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Homegrown “Fiction” Charms Crowd

You’ve heard about local food. How about local laughs?

For three years now, Anna Glover and Ellen Martens have been harvesting small town anecdotes and yarns from local people, and creatively processing them into a comedy routine called the “Ellen and Anna Show.”

At the recent Farm Focus 2010 in Boissevain, the pair sat in chairs in front of the crowd and read from a script placed on music stands in front of each.

It was like a radio broadcast – except if you closed your eyes to listen, you’d miss the outlandish facial expressions they used to illustrate the storytelling.

The resemblence to Stuart McLean’s “Vinyl Cafe” is intentional, as both ladies admit to being huge fans of the popular program.

Heard weekly on CBC radio, the hour-long mix of live music and stories has been known to cause grown men working in farm shops to forget what they are doing and temporarily down tools – and some say even cooler-than-you-times-two teenagers have been compelled

“The stories are all based on real interviews. We interviewed at least four people to put this together. And then we embellish – we add a little bit.”


to twist an ear towards the radio at such times, although they may later deny it.

In the past year, the Boissevain women have found time from their busy home schedules to perform for a women’s conference in Russell and at a local bonspiel.

“We could probably be busier if we wanted to,” said Glover.

“But we’re both still running after kids and we both farm,” added Martens.

Their first gig at Farm Focus three years ago was based on research gleaned from women who moved onto the home place, and last year they explored the experiences of “city girls” who moved to the country.

This year, the story was built around a conversation between a cattle rancher and his wife.

The rancher, who decides to run for local council with the ulterior motive of getting his road improved, finds out in the end that local politics is more complicated and pitfall prone than he bargained for.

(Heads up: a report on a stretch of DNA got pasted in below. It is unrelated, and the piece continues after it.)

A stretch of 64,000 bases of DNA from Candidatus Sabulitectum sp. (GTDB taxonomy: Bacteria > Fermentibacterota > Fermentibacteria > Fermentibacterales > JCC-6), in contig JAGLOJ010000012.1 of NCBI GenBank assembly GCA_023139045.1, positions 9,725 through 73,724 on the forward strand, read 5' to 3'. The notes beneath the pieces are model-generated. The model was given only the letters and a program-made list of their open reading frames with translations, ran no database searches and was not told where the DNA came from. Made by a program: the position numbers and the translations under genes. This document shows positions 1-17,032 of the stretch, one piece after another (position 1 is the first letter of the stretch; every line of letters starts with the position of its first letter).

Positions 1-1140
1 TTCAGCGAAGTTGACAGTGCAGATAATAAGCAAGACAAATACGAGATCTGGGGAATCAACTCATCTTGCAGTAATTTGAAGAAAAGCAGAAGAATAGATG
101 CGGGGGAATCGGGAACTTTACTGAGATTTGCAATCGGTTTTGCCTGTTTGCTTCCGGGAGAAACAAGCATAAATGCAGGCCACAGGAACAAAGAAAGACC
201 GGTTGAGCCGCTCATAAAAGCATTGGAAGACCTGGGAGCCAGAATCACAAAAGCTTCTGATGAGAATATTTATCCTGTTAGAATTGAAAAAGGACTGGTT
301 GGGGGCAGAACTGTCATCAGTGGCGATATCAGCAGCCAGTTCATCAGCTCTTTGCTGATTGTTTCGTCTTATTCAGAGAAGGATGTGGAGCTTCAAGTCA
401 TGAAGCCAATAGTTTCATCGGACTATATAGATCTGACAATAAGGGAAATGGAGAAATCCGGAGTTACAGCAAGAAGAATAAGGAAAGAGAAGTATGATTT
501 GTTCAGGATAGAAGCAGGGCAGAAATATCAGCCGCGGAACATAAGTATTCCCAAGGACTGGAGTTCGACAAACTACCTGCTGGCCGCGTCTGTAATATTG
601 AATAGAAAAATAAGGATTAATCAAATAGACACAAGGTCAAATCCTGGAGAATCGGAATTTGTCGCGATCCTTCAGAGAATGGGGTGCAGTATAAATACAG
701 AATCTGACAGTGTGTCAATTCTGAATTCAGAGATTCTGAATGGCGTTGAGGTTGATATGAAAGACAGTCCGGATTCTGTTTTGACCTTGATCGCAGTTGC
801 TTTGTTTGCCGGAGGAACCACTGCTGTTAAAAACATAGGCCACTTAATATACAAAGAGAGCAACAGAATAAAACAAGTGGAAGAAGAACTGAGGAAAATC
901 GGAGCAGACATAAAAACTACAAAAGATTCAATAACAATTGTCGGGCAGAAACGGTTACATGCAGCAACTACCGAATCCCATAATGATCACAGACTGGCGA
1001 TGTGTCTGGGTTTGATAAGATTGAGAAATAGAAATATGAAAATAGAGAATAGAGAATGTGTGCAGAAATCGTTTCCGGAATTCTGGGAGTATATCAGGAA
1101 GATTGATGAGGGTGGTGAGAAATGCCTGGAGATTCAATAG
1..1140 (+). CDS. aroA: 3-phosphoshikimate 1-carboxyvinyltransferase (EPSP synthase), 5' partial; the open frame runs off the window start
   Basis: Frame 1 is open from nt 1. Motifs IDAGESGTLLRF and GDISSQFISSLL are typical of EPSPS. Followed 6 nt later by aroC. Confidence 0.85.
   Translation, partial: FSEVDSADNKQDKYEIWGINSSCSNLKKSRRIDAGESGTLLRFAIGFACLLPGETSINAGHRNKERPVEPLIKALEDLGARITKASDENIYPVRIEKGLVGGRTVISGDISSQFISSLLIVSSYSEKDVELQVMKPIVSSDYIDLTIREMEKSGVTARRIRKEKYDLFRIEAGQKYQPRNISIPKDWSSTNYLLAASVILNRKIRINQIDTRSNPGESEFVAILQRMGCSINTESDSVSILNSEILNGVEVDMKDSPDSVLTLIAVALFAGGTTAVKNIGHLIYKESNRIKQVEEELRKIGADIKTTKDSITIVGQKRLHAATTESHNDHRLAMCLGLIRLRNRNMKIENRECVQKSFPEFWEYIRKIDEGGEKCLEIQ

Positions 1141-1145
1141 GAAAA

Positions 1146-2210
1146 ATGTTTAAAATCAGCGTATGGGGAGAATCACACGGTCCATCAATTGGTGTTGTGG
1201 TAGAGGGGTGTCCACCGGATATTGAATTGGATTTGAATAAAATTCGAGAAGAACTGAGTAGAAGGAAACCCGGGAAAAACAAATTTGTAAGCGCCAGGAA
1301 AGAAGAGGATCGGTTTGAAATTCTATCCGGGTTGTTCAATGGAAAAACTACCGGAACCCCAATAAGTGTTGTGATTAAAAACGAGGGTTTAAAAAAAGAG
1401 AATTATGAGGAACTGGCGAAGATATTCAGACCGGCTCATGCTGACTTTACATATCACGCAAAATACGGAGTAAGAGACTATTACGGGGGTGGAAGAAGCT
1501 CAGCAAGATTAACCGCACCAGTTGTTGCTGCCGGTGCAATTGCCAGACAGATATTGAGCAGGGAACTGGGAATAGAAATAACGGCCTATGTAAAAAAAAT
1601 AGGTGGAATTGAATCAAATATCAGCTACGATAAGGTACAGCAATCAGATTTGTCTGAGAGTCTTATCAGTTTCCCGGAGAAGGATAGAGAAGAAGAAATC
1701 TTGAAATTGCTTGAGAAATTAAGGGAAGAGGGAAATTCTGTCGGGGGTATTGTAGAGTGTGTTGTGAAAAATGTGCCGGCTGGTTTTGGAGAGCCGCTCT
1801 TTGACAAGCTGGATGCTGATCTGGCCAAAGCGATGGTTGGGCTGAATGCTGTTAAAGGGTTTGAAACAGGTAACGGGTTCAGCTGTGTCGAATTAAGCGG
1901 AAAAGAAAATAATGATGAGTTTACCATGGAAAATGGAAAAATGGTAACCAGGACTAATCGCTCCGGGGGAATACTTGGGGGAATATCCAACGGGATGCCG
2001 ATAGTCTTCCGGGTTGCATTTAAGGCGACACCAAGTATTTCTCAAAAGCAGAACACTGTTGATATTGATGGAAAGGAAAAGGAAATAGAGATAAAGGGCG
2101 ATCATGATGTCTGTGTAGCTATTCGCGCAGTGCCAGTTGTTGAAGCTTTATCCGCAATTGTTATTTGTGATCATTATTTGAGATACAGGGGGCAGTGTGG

“The stories are all based

on real interviews. We interviewed at least four people to put this together. And then we embellish – we add a little bit,” said Martens, who does most of the writing for the pair.

Once a rough sketch of the dialogue is hammered out, both go over the material and create the final draft as a collaborative effort.

“There’s no other forum to tell these funny stories. The crowd is great because you know it’s homegrown.”

The hometown crowd is the best, because the people all know each other and their foibles, and are able to pick up on the truth behind the fiction, added Glover.

“They’re really great. They laugh even if it’s not funny,” she said.

The “Ellen and Anna Show”

“However, there was a time on R. M. council when Vic was able to lend his expertise and knowledge. The R. M. had received a concerned call about some cattle north of town. It appeared that the cows were changing colour, and it did not seem natural. Some cows were green, some were blue, others were red. The caller was concerned that maybe the colour was symptomatic of a bad case of mad cow disease.

Herb said, “No, it’s not mad cow. It’s bug spray, or Ivermectin, or something like that.”

George said, “No, it’s not, it’s a colour-coded accounting system. The red cows were bought when NISA was in, the blue cows were bought with GRIP, the green with CAIS money, and the white ones are part of AgriInvest.”

Another councillor weighed in. “That’s not it at all. Since BSE, the red cows belong to FCC, the blue cows to RBC, the green ones belong to the credit union, and the farmer owns the white ones.”

Another councillor, who was hoping to run in the provincial election next year, offered his two cents. “You guys are way off. The green cows belong to the Green Party, the red cows are Liberal, and the blue cows are Conservative.”

Herb thought this might be a plausible explanation. “How do the cows know which party they belong to?”

“Well, the green cows and the red cows lean a little to the left when they eat, and the blue Conservative cows? Well, they’ve prorogued pasture and have left for the Olympics.” – By Ellen Martens and Anna Glover [email protected]

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